E L S U A ~ A KM Blog by Luis Suarez

From the blog

Giving up on Work e-mail – Status Report on Week 26 (K.I.S.S. on Business Processes)

Continuing further with the weekly progress reports on my new mantra of giving up e-mail, as in corporate e-mail, here I am again with another progress report, this time for week 26, where, it looks like, things have gone back to normal a bit. Or so it seems. You would remember how, for week 25 I reached a new low with regards to the incoming count of e-mails received, as I have blogged about it a couple of days back. Well last week things settled back into what I have been getting used to for the last few weeks already. Here is the screen shot of the report:

Yes, indeed, back again into the 30 e-mails coming through during the course of week. Somehow, I am starting to get used to such number, more than anything else because it makes a round number of 6 e-mails a day approx. although I am still keen on lowering it down more and more perhaps to 10 to 15 a week! Thus the fight is still on. Let’s see how it goes further…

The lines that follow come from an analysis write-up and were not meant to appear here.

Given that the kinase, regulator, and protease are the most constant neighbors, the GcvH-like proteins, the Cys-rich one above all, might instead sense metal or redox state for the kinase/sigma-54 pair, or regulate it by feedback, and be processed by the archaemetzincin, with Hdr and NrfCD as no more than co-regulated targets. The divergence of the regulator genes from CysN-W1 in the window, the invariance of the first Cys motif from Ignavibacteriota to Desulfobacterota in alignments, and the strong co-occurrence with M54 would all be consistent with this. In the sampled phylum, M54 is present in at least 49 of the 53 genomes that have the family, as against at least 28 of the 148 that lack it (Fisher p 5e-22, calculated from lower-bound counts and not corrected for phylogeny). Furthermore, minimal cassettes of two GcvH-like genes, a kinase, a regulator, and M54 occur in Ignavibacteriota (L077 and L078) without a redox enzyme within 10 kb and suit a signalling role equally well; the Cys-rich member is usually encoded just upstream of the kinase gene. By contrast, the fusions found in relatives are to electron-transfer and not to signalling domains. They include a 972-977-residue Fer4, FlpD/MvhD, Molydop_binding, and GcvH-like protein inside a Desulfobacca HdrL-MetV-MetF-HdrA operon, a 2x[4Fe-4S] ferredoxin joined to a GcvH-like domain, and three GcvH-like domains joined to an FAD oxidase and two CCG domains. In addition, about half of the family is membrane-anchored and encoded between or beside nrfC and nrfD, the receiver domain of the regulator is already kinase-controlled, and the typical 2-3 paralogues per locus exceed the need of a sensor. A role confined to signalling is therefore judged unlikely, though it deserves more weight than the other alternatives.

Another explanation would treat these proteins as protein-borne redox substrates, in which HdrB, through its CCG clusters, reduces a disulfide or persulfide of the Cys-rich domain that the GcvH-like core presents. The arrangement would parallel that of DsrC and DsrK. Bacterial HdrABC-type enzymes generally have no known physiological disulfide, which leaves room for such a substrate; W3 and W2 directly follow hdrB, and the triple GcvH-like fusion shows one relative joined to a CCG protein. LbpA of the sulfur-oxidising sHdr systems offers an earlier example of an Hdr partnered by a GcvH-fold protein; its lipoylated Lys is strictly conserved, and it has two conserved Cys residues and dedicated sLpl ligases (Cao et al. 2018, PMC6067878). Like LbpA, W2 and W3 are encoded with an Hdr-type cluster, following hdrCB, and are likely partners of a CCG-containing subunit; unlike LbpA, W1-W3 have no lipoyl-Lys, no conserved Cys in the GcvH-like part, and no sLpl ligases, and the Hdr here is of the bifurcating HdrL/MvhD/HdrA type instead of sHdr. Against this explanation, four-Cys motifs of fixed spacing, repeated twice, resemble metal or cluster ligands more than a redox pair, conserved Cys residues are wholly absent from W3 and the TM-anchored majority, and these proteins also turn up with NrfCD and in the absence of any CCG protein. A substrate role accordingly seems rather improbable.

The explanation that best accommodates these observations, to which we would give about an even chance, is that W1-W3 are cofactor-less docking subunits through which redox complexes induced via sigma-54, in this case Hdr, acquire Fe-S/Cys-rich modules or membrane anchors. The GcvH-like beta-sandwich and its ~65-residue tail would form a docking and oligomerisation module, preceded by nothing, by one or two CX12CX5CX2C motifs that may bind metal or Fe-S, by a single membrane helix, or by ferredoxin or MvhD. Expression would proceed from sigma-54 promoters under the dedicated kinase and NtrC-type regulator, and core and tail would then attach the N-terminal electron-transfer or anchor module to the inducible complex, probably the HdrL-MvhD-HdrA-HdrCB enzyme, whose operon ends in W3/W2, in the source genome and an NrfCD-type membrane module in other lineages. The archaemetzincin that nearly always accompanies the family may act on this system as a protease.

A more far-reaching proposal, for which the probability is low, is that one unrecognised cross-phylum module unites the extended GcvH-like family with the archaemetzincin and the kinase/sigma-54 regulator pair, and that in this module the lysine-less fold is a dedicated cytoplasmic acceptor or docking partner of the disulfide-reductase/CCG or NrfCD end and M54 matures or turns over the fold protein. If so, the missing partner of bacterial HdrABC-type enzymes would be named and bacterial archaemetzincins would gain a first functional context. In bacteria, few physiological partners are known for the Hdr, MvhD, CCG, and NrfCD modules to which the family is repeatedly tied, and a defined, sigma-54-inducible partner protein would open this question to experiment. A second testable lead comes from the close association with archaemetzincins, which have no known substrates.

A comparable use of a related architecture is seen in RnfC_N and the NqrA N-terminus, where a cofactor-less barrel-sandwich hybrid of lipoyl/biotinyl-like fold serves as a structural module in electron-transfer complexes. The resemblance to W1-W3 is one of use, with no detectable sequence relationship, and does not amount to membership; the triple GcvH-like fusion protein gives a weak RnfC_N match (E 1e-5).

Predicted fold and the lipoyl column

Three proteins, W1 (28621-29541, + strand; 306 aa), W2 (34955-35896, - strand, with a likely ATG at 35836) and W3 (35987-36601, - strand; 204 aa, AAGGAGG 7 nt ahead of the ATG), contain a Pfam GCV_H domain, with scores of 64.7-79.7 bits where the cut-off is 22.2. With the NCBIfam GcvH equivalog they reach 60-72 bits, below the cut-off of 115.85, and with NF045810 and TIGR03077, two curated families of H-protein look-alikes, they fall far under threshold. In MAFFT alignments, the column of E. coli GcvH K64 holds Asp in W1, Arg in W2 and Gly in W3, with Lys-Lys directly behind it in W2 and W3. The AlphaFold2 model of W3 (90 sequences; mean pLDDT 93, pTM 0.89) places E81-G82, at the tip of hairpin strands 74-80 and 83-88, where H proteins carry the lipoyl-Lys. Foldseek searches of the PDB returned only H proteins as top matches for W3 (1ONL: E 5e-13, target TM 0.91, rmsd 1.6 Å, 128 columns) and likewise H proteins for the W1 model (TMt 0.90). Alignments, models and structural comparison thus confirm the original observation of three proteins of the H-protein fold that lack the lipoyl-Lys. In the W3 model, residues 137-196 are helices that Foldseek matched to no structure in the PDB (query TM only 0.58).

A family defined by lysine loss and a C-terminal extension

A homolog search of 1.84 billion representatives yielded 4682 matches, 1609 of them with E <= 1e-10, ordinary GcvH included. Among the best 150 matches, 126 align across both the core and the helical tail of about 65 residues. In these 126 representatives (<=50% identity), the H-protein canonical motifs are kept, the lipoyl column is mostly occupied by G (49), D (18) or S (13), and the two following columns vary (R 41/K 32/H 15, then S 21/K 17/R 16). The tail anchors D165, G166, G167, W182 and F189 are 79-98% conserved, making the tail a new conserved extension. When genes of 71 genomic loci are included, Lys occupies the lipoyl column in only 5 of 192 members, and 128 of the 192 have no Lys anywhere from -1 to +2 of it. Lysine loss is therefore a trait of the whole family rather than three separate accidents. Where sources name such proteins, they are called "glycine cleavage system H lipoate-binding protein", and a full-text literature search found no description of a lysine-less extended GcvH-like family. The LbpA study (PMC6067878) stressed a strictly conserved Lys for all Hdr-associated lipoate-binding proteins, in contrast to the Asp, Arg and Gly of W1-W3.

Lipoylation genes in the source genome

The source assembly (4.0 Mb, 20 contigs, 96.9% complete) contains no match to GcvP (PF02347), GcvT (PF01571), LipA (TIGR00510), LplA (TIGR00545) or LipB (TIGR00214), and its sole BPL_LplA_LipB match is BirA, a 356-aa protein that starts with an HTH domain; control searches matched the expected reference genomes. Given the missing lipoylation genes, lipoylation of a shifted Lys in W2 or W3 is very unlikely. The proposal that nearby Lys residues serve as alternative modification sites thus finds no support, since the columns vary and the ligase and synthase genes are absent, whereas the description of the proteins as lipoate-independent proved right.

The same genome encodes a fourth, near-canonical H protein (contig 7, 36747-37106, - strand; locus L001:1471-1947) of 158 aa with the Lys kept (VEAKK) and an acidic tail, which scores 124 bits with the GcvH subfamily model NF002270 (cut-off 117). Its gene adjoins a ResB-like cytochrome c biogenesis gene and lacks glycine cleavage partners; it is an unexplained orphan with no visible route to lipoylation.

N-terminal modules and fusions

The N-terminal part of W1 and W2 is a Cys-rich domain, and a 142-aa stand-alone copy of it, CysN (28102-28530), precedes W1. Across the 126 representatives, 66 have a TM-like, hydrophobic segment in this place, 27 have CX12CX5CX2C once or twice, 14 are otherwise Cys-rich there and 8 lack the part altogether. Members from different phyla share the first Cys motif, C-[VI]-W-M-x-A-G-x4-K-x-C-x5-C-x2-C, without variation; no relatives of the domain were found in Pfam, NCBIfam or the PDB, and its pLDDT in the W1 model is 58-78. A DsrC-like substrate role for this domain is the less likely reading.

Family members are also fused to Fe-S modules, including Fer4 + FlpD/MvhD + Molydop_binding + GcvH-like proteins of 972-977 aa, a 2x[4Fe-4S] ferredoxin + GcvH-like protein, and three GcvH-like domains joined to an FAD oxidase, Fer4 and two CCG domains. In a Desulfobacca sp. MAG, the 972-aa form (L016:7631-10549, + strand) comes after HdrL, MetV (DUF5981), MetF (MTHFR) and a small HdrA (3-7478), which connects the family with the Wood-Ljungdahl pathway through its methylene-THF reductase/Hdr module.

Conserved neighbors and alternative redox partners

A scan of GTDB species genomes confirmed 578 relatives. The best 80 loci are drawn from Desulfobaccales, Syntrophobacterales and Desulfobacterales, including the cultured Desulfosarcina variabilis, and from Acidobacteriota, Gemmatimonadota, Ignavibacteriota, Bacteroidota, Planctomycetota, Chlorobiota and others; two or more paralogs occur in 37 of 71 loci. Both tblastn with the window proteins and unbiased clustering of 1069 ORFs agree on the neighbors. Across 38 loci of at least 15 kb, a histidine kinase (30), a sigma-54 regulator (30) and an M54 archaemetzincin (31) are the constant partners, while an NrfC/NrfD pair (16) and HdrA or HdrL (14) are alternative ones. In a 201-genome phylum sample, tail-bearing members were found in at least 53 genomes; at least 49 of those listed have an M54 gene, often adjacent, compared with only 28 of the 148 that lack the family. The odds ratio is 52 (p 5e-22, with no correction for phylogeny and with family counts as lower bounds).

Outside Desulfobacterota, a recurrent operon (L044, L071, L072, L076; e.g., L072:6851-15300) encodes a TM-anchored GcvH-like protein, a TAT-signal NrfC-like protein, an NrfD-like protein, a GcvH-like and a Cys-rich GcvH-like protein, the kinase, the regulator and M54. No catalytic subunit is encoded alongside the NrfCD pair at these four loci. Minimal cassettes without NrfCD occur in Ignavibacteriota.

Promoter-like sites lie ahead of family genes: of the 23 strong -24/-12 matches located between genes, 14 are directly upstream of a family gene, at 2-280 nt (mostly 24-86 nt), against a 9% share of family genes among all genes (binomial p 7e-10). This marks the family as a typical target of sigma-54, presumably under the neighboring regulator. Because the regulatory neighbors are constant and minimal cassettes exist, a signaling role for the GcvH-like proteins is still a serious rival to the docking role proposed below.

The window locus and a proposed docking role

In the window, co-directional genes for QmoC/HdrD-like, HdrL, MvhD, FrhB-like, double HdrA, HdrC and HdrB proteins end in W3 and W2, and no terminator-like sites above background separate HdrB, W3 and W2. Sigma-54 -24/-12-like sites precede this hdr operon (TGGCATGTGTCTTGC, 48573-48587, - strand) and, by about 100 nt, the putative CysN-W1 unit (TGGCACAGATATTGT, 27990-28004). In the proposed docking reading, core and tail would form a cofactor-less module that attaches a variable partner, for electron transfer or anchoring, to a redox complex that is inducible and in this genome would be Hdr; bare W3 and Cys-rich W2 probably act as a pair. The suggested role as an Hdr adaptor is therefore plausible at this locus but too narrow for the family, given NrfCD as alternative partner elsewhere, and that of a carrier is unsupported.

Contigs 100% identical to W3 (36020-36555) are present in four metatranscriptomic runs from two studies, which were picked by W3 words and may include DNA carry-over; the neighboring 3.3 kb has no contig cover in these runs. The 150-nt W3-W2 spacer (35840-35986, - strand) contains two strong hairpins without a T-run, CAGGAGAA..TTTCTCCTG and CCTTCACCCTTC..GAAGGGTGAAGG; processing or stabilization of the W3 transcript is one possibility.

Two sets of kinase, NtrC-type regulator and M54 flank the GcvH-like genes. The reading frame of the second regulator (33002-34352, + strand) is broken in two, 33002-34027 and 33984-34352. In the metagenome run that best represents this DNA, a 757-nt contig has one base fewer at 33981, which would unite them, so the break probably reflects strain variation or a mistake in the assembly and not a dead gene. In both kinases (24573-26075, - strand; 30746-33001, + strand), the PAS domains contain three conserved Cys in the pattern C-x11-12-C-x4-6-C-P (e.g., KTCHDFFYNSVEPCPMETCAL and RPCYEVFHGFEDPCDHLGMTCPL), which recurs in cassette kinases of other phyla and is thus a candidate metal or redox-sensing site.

For today though, I would like to share with you folks a couple of links that I have bumped into or that some other folks have passed on and which I am sure you are going to enjoy quite a bit. The first link comes from Alan Lepofsky, former IBMer and very good friend, and who recently moved into SocialText, for those folks who may not be familiar with the huge piece of news that hit a couple of weeks back! Alan pointed me to this particular wild idea, which I think is very much spot on with regards to the kind of e-mail overload that plenty of folks can identify with: "Broken business processes contribute to our email overload".

In it you would be able to find some really really good gems like this particular paragraph for which I just couldn’t stop smiling while reading through it:

"Worse than the volume of email is the amount of mental energy required by each email recipient, ergo worker, to parse each exception and determine what to do with it. E-mail was once intended to increase productivity and has now become so voluminous it is counter productive. Basex determined that business loose $650 billion in productivity due to the unnecessary email interruptions. And, the average number of corporate emails sent and received per person per day expected to reach over 228 by 2010."

Indeed! Maybe that’s the problem we have been having all along. Maybe that’s where it all got started. Maybe it was down to use to complicate our own corporate existence by putting together whatever the various different business processes and then create exception after exception after exception to ensure we could all possible scenarios. And as a result of that we all went mad using e-mail all over the place to process those exceptions.